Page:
The thought is pressed further by saying that Psalms mentions girls are like a pretty marble palace and we wouldn't cover such with "cheap red paint" as it would hide the beauty. "And when we use fingernail polish and lipstick, we cover God's beauty with ugly paint." Only old barns need repeated coats of red paint.

After mom leaves the room, Miriam tells Ashes that they are special. "We don't have to paint ourselves because we are God's masterpieces. He made us like marble palaces, not painted barns!"

The scripture given at the back of the book is Psalm 144:12. The memorization verses are Psalm 119:73, 139:14, 144:12, Proverbs 23:23, 2 Timothy 3:15 & Isaiah 61:3. Some of the questions asked in the quiz area are:

How does God feel when we paint our bodies?
What are we doing when we use fingernail polish and lipstick?
Are you an old barn that always needs another coat of red paint?

This book is problematic as the author does not share one Bible passage that states how God feels when a person uses make-up. She fails to provide any scriptural backing, linking make-up use to barn painting. No scripture is used to show that since we don't paint trees, animals or flowers, that God is against the use of make-up.

Psalm 144:12

Let us look at Psalm 144:12, as well as taking into consideration the entire Psalm. Ruth Harvey states on page 22 that it says "our sons are like plants" and on page 23 that it says Miriam is "like a beautiful marble palace." However, it does not state either. In addition, this is David's thoughts and not God proclaiming something. In the KJV, which Ruth quotes, it says, "That our sons may be as plants grown up in their youth; that our daughters may be as corner stones, polished after the similitude of a palace". Do you see the differences?

Ruth says, "our sons are like plants," but the Psalm says, "That our sons may be as plants grown up in their youth."

Ruth says, "you are like a beautiful marble palace," but the Psalm says, "that our daughters may be as corner stones, polished after the similitude of a palace".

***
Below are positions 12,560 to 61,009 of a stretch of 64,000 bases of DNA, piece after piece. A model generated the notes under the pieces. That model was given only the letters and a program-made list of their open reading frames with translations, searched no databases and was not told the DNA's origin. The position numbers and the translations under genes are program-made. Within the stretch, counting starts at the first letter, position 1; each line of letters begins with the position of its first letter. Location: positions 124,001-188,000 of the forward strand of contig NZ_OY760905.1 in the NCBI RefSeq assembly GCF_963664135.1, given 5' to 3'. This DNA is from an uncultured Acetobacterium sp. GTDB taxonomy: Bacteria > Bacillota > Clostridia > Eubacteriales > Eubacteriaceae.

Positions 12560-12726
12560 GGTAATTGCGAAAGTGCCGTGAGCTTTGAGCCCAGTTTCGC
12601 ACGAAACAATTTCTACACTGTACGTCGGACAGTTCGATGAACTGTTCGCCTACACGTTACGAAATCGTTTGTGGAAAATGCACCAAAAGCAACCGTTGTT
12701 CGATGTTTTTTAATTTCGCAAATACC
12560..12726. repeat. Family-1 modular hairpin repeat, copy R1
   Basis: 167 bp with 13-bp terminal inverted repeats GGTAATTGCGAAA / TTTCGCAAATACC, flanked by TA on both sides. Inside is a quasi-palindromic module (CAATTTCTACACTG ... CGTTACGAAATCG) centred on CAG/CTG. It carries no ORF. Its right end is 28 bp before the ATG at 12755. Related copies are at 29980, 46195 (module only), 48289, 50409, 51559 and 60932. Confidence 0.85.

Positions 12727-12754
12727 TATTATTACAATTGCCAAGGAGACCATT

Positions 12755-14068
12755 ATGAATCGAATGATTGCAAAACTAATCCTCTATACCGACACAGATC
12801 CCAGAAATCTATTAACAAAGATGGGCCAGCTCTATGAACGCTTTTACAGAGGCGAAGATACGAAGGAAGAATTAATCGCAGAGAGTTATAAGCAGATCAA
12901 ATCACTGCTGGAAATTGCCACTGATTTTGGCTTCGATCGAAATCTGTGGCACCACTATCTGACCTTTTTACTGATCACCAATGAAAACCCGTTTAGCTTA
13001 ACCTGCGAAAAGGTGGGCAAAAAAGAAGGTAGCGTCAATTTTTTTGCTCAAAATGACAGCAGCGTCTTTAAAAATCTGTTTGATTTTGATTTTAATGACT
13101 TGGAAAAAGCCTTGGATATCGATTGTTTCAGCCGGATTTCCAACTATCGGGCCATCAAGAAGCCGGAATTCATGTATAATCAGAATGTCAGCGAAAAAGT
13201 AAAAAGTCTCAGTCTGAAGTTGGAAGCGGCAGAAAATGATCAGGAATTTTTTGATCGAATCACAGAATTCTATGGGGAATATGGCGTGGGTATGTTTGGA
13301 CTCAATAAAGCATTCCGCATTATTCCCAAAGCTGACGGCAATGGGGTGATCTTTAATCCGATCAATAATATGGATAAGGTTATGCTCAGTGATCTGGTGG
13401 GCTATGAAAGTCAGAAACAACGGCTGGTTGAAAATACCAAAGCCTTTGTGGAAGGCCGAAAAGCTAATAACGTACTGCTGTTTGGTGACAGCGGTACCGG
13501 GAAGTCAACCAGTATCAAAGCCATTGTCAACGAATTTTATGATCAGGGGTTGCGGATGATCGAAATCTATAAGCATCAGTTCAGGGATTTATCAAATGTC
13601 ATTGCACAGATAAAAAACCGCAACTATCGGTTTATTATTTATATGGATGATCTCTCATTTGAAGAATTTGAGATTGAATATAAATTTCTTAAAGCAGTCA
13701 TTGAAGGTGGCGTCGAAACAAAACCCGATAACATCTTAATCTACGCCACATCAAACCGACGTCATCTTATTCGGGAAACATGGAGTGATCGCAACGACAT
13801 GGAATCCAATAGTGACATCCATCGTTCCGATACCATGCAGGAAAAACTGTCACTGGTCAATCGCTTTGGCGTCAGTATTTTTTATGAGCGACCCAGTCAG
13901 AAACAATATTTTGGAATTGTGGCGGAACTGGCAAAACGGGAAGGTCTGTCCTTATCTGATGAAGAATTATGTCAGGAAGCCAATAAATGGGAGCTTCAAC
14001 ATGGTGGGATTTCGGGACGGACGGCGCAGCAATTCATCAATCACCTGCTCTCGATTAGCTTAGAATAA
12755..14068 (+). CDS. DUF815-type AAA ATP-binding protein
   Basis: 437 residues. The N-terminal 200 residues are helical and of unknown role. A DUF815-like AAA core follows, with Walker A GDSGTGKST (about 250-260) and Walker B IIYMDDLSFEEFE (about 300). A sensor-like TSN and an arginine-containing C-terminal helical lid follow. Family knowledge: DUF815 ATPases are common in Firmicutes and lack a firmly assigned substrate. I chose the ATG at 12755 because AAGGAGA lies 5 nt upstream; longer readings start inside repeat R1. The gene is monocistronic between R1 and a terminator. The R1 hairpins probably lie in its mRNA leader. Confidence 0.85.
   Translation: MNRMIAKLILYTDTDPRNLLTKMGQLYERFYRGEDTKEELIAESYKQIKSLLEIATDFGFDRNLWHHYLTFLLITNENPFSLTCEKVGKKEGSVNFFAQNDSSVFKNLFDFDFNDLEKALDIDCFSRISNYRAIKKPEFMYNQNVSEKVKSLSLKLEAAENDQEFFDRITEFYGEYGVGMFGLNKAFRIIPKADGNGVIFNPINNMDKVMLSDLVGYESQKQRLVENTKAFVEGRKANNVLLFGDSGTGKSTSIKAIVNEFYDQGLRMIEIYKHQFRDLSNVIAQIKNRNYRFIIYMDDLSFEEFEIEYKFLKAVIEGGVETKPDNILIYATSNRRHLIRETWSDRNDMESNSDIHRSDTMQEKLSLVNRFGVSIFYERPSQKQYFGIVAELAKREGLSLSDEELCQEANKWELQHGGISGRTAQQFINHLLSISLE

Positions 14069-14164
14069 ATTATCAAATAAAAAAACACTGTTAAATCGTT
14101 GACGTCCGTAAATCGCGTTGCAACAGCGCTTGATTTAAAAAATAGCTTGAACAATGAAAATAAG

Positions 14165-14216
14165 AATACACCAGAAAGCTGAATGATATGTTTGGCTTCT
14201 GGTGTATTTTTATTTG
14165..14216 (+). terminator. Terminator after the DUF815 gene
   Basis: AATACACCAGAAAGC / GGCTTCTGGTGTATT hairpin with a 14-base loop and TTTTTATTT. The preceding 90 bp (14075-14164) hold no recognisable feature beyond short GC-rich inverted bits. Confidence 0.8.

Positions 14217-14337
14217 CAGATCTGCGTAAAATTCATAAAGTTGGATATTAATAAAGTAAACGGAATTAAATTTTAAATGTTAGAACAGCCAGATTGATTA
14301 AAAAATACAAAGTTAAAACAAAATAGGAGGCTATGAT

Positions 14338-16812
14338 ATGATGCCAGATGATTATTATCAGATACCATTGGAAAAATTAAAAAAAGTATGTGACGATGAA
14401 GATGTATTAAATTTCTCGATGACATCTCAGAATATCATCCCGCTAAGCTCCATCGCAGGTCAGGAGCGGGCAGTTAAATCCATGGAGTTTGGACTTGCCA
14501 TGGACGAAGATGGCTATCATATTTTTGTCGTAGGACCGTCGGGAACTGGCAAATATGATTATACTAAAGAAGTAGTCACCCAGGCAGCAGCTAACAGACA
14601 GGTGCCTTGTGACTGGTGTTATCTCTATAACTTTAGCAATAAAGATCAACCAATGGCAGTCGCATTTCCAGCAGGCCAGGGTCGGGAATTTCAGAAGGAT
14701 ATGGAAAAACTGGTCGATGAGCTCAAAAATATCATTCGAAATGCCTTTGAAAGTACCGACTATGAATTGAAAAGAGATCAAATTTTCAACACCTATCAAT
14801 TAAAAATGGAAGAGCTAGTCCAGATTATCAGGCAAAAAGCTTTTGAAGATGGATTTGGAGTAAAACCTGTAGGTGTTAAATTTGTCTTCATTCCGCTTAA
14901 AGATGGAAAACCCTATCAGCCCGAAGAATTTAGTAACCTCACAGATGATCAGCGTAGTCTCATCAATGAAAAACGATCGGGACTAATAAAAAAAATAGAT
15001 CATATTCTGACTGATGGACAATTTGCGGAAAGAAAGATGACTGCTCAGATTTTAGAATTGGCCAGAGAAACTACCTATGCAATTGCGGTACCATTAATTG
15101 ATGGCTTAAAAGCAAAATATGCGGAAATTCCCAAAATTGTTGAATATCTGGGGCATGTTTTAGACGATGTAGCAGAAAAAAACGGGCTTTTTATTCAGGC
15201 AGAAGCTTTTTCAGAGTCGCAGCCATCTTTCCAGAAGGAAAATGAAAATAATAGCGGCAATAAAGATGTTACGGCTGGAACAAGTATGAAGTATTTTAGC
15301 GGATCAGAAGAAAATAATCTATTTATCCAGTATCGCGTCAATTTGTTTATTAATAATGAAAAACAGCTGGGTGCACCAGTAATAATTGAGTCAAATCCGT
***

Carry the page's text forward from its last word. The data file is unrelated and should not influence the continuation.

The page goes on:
Ruth does not properly convey what this verse states. In addition, these are the longing and prayer of David and not God's words about us. Yet, even if the verse said what Ruth stated, it in no way addresses the matter of make-up.

Compared to Animals, Plants & Trees

There is a very basic flaw in comparing the thought of not painting trees, plants and animals, with it being wrong for people to ever wear make-up. Ruth uses three pages to instill this thought into children and it is further emphasized by using it for questions at the end of the book.

Can we as people really compare ourselves to trees, plants and animals and then claim that if we don't do something to those three, that we should not do it to ourselves? There are many things we do to ourselves that we would not do to animals, trees or plants. We dress ourselves in clothing, but do not do so with the other, with a couple temporary exceptions for animals. We correct our eyesight if it is not 20/20, but do not do so for animals. If we have a hearing problem, we can use a hearing aid, but do not do so for animals. Perhaps that would be because, despite what Ruth teaches, God has not made everyone "perfect in every way."

If a person becomes ill, we will seek medical help, even hospitalizing them and performing surgery if needed. With trees and plants, we do not do this. We may try and save them somehow if we can, but we do not resort to such care as we give ourselves. For animals, some will take them to veterinarians and some will even hospitalize them and perform surgery. But few would go to the same expense that they would a person. Some would just shoot the animal and not attempt to help it. So if we don't do the same for animals, plants and trees in this area, should we treat people in the same manner?